Chafing occurs as a result of skin-to-skin rubbing. Heat, humidity and sweat makes chafing more likely to occur, particularly in moist areas between the thighs, under the breasts and sometimes under the armpits. Chafing is much more pronounced if you wear synthetic fabrics that trap moisture in and reduce airflow to vulnerable areas. Soothe chafing skin by getting air circulation to the body, using medicated creams, rinsing and drying off thoroughly, and using powder.
Remove your clothes and walk around nude whenever you are at home. If modesty or circumstances prevent you from doing this, put on a peasant dress or caftan, or something that allows air to circulate freely around your body. The air reduces moisture on the skin.
Apply a cream when necessary. Apply a medicated cream if the area in question feels really irritated. Smooth on an over-the-counter cortisone cream such as Cortaid. The cream will stop the inflammation and soothe your skin. If the cortisone cream doesn't work and redness or tenderness get worse in the next 24 hours, you may have a yeast infection. Try applying Lotrimin or Monistat, anti-fungal creams that are sold over-the-counter for yeast infections. Just follow the dosage instructions on the package. You may want to consult you doctor, as well.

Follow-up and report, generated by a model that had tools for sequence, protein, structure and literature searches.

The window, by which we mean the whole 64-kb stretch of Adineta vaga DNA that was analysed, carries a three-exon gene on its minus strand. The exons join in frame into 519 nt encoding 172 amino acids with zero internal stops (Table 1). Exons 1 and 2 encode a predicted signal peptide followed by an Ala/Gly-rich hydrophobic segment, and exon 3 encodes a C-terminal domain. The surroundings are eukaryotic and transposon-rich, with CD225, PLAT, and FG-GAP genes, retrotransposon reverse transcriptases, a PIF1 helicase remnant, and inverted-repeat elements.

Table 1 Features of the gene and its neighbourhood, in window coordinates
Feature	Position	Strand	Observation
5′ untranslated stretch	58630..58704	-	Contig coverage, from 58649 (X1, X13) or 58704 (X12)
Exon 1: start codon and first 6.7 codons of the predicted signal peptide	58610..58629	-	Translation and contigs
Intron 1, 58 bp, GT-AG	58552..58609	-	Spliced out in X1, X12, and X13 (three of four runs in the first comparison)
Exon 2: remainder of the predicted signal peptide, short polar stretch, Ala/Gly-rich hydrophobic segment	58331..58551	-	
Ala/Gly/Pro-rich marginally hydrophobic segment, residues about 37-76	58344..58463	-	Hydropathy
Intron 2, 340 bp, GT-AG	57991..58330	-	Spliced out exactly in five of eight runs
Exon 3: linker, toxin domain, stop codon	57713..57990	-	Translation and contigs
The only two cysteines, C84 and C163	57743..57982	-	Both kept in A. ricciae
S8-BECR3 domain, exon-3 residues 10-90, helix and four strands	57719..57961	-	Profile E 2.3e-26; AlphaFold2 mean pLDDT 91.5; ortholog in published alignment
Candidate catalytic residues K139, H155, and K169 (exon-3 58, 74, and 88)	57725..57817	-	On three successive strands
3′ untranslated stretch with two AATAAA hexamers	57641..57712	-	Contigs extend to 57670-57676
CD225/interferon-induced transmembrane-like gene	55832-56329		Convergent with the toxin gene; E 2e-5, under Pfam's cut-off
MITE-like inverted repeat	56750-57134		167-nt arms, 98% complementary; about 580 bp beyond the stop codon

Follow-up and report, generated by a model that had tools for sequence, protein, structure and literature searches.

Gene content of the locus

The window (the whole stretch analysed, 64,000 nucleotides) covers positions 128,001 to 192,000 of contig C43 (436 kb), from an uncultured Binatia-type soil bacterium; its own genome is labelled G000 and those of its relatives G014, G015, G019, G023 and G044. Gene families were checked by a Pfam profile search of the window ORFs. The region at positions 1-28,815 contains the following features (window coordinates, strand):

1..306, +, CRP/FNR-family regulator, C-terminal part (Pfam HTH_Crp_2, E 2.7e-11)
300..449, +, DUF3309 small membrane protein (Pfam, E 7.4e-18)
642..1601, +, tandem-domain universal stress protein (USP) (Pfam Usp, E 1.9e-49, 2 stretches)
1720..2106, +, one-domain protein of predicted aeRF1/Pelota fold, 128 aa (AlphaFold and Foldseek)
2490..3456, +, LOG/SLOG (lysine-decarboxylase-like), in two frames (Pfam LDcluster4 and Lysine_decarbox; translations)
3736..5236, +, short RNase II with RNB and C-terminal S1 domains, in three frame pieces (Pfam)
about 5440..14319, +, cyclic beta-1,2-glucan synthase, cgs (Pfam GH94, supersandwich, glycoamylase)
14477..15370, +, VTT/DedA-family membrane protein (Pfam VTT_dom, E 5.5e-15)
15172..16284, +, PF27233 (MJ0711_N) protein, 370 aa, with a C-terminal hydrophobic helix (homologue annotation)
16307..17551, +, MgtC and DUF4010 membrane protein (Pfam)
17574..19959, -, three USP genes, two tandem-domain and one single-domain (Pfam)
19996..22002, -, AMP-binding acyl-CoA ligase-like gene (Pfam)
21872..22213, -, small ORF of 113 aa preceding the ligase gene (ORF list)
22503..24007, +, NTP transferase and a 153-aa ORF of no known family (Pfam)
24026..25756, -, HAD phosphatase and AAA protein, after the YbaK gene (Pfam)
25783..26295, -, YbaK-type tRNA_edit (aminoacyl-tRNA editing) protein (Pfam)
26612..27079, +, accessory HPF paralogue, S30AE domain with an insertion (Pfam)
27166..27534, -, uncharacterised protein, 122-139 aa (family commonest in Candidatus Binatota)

Rinse your body and then rinse again. After you bathe or shower, rinse your self thoroughly so that no soap remains on your skin. Soap residue can compound chafing by irritating the skin, and that can disrupt your body's natural moisture barriers that normally shield you from at least some of the friction generated by skin-to-skin rubbing.
Dry your body with a towel using a patting motion, without rubbing your skin. Turn on your hairdryer to the lowest setting and dry all areas that are prone to chafing and yeast. Be meticulous in drying. Lift your belly if it hangs down a bit and dry the skin underneath. Lift your breasts and dry underneath as well, and pay particular attention to your thighs.
Sprinkle your body with an absorbent powder. Sprinkle a light covering of Zeasorb powder in area prone to chafing. The powder is available at the local drugstore and will actually absorb at least some of the excess moisture as you move through the day's activities, as well as attack yeast cells that might colonize on your skin.